The Future of Automation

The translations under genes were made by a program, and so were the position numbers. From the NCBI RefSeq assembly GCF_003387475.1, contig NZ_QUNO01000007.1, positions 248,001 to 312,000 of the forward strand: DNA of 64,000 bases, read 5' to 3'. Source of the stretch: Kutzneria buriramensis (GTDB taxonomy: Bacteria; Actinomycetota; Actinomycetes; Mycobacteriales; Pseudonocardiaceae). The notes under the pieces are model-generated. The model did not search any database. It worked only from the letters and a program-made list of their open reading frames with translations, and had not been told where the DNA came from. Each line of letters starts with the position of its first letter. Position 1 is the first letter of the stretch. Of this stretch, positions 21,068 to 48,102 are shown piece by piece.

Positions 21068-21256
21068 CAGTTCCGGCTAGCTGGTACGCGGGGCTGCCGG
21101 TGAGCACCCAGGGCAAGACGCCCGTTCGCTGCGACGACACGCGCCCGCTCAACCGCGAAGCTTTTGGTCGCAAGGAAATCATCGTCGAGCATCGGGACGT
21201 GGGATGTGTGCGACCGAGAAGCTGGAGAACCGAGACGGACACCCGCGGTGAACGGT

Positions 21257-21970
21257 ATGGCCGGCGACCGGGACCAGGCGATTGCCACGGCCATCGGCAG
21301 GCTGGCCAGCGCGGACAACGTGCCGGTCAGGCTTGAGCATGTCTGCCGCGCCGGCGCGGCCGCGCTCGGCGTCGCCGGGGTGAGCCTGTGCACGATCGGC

Originating from a freight transportation idea using trailers and attributed to Malcolm McLean, container shipment is probably the biggest development in the field of logistics since the invention of the locomotive two centuries ago. Over the last 50 years, containerization has grown to account nowadays for roughly 70% of total deep sea trade (by value), with annual shipping rates of 143 million TEU (Twenty-foot equivalent units) worldwide in 2008 and an equivalent tonnage of 1.24 billion tons (UNCTAD 2008). Equipment found in container terminals has evolved over the years to enable port operators to keep pace these growing container flows. Space constraints, especially in European ports where land comes at a premium, led to denser stacking and taller, more capable cranes. Operators were quick to adopt latest advances in information technology, which have transformed the way ports operate. Much like their desktop computer counterparts, Terminal Operating Systems (TOS) control port operations, managing the flow of information between different families of equipment and coordinating their operation. In conjunction with advances in logistics and optimisation theory, they have simplified terminal management, boosted terminal efficiency and contributed to the decrease of container dwell times. Conceived as a possibility in the early 1980s and intensively developed ever since, container terminal automation involves remotely operated container handling equipment capable of operating without direct human intervention. After a period of further research and development, more operators gained confidence in the new technology and eventually ventured into their own implementations.

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